Medical Ethics and Undergraduate Training: The Ground Reality and Remedial Action

Medical Ethics and Undergraduate Training: The Ground Reality and Remedial Action

Ayesha Ahmad (Hamdard Institute of Medical Sciences and Research, India), Pareesa Rabbani (Era's Medical College, India), Shipra Kanwar (Era's Medical College, India), Ranoji Vijaysingh Shinde (KKU, Saudi Arabia) and Tamkin Khan (Jawaharlal Nehru Medical College-AMU College, India)
DOI: 10.4018/978-1-4666-9624-2.ch090
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The study of Medical Ethics [ME] is mandatory for health practitioners because there is hardly an area in medicine that doesn't pose an ethical dilemma. There is lack of awareness among physicians. Training of medical students should equip them to provide the best care to patients in an ethical manner without harm. The aim of this chapter was to assess the awareness of undergraduate students to ME and take inputs about curricular changes as they are important stake holders. A prospective, cross sectional, observational study through a confidential questionnaire was utilized. 86 proformas were fit for analysis. Majority [68.6%] failed to define ME. Most had been exposed to ME in the college or through the print or visual media. Majority could not recall any incident of professional misconduct witnessed by them, while others recounted incidents such as taking gifts from pharmaceutical companies, rudeness to poor patients, mis-diagnosis due to casual approach towards patients, becoming personal with female patients, organ trafficking, conducting sex determination tests etc. Most were unaware about the existence or purpose of an institutional ethics committee. Regarding the need for studying ME 86.04% said they thought it is important. Majority suggested be interactive case presentations as a method of teaching ME. There is gross unawareness among medical students about the definition, scope and purpose of teaching ME. A drastic change in the medical curriculum is required and new and interesting teaching learning methods need to be evolved in order to train our students in ME.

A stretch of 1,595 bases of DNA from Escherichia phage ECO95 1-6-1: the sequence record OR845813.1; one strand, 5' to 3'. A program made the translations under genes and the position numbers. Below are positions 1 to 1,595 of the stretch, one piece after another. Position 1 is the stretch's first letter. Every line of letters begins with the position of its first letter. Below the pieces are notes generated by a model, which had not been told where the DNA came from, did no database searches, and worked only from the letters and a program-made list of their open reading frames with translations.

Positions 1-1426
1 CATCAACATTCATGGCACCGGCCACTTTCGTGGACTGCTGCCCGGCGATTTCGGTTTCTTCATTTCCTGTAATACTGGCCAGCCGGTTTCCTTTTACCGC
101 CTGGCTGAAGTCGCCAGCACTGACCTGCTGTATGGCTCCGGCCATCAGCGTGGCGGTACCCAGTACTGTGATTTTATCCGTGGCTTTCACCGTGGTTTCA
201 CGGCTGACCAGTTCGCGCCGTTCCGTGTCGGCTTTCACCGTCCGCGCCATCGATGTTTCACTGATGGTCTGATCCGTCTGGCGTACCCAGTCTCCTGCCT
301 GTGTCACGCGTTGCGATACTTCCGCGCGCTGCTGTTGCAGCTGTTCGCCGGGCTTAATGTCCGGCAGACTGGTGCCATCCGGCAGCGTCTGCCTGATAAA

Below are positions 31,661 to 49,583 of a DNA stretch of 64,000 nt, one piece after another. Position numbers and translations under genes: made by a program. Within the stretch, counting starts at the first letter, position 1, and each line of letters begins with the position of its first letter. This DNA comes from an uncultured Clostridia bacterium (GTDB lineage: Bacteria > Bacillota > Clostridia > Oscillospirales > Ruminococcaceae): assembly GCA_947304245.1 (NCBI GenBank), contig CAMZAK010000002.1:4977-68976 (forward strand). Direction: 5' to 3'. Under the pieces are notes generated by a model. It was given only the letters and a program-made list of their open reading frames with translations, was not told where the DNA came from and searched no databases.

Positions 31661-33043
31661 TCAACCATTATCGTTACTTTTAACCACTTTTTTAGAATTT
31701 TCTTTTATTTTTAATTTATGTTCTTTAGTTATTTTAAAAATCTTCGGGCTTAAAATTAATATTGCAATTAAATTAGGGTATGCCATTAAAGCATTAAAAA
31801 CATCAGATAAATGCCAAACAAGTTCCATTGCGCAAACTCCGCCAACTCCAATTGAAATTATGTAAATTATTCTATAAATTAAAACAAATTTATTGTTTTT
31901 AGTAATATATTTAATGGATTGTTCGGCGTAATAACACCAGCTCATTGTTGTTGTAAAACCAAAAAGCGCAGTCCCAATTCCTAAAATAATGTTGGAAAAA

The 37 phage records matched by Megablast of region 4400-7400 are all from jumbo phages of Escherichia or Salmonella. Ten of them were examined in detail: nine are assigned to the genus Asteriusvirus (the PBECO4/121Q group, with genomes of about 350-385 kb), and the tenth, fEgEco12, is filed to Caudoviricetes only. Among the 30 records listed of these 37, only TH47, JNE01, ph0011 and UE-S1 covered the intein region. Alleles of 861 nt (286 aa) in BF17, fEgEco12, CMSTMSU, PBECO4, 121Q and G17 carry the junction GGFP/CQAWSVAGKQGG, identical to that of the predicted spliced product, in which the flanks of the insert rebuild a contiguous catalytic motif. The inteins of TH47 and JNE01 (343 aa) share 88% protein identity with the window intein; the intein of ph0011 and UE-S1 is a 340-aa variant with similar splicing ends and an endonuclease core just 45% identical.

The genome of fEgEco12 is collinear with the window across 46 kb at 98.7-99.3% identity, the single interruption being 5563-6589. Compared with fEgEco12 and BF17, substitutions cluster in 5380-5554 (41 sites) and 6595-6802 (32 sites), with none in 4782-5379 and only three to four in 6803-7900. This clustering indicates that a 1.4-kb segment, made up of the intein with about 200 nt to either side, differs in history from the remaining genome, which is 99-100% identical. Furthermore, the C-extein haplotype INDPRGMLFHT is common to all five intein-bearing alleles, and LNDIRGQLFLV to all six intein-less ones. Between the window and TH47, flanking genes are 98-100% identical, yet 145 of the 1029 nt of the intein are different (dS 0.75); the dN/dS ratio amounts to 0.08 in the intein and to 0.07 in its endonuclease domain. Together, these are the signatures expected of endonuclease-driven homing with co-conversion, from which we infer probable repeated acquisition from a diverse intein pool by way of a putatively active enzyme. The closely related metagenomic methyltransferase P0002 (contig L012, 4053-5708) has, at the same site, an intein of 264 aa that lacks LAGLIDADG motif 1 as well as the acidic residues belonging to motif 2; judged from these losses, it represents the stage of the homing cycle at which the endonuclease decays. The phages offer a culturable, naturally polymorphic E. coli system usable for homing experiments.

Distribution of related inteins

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Aims Of The Study

  • 1.

    To assess the awareness and receptivity of ME amongst undergraduate students.

  • 2.

    To take inputs/suggestions from the medical students [important stake holders] about teaching learning activities which would be best suited for inculcating ethical values.



Total proforma given were 100 of which 87 were returned. Only one was returned unfilled. So the number of questionnaires analysed was 86.

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